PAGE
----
Photo: Mint
Photo: Mint

FPI MAT levy: CBDT instructs officials to put on hold all tax demands

CBDT decides to accept recommendations of high court that MAT cannot be levied on FPIs having no permanent establishment in India

New Delhi: In another move to reassure foreign investors, the income-tax (I-T) department has issued instructions to its field officers to put on hold all pending assessments and recovery efforts in cases involving levy of minimum alternate tax (MAT) on foreign portfolio investors (FPIs) for the period prior to 1 April.

This is consistent with the announcement made by finance minister Arun Jaitley on Tuesday.

In an instruction dated 2 September, the Central Board of Direct Taxes (CBDT) informed the field officers that the government has decided to accept the recommendations of the justice A.P. Shah committee that MAT cannot be levied on FPIs having no permanent establishment or place of business in India and will amend the income tax Act to this effect.

“The field authorities are accordingly advised to take into consideration the above position and keep in abeyance, for the time being, the pending assessment proceedings in cases of FIIs/FPIs involving the above issue. They are further advised not to pursue the recovery of outstanding demands, if any, in such cases," the instruction said.

The government will amend section 115JB of the Income Tax Act in the upcoming Parliament session to exempt FPIs/FIIs (foreign institutional investors) from MAT.

Jaitley, in this year’s budget, had exempted FPIs from levy of MAT but only from 1 April.

This retrospective exemption will be in addition to the relief provided earlier this year by Jaitley.

MAT is levied on the book profits of a company in cases where they do not pay any tax owing to various exemptions or deductions. Citing a ruling of the Authority of Advance Rulings in the Castleton Investment Ltd case, the I-T department had started issuing notices to foreign investors. FPIs, however, opposed the move stating that they are not required to maintain books of accounts in India and hence not liable to pay MAT.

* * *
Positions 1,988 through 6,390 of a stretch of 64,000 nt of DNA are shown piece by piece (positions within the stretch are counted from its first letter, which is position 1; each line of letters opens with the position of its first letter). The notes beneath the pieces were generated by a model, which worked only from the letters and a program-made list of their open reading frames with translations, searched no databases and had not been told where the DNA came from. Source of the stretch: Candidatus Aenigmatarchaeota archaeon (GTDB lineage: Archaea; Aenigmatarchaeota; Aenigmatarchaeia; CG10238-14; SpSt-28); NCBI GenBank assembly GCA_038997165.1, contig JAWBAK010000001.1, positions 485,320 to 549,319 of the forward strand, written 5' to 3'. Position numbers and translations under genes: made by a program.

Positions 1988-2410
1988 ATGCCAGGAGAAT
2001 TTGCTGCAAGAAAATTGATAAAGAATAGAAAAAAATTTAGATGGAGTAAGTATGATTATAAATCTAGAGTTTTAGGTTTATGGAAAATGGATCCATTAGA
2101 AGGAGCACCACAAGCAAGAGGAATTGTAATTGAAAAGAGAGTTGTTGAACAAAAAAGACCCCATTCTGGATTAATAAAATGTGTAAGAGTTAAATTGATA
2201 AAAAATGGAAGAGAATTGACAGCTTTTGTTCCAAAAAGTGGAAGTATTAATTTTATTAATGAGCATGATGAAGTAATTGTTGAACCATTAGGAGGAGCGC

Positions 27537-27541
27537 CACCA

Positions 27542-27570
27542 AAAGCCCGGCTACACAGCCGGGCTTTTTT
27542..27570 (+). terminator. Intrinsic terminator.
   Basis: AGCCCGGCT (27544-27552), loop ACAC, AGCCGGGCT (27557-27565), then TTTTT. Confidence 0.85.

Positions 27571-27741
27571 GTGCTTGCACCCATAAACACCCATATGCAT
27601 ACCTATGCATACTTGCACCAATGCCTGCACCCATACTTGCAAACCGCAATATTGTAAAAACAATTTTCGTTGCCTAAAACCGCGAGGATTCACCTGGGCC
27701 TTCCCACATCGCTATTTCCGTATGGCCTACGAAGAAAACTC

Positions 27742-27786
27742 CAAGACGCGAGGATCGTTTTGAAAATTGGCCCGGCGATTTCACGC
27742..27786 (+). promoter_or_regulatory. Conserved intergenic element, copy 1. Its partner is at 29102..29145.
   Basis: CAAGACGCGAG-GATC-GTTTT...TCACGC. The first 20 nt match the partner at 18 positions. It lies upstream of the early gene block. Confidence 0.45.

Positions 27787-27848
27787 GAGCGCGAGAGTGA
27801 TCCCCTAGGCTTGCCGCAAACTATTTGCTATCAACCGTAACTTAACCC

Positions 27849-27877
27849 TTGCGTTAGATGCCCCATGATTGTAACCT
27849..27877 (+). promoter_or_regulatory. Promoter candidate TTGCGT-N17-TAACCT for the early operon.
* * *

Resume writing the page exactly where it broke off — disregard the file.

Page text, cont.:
After sustained opposition from foreign investors, the government backed down and decided to constitute a committee under Shah, a retired Delhi high court chief justice, to study the various legal positions and give its recommendations. This committee submitted its revised report on 25 August, which the government accepted.

The committee had pointed out that the provisions of the I-T Act relating to levy of MAT was never intended to tax FPIs who have no place of business in India. It had argued that there were no provisions in Indian laws that required these entities to maintain a book of accounts in India and hence could not be ask to pay MAT.

While this is expected to provide a reprieve to FPIs, foreign companies and other long-term investors like private equity and venture capital funds will have to wait for a Supreme Court decision in the Castleton Investment case for clarity on the applicability of levy of MAT on them.

Manoj Purohit, partner at law firm Walker Chandiok and Co. Llp, said that if the government wants to attract more foreign investments, it could look to broaden the scope of the amendment in the I-T Act now that it has stayed proceedings by the tax department in these cases.

“If the government wants, it can look at amending the income tax act to say that FPIs/FIIs and other foreign investors who have no permanent establishment in India are exempted from levy of MAT," he said.

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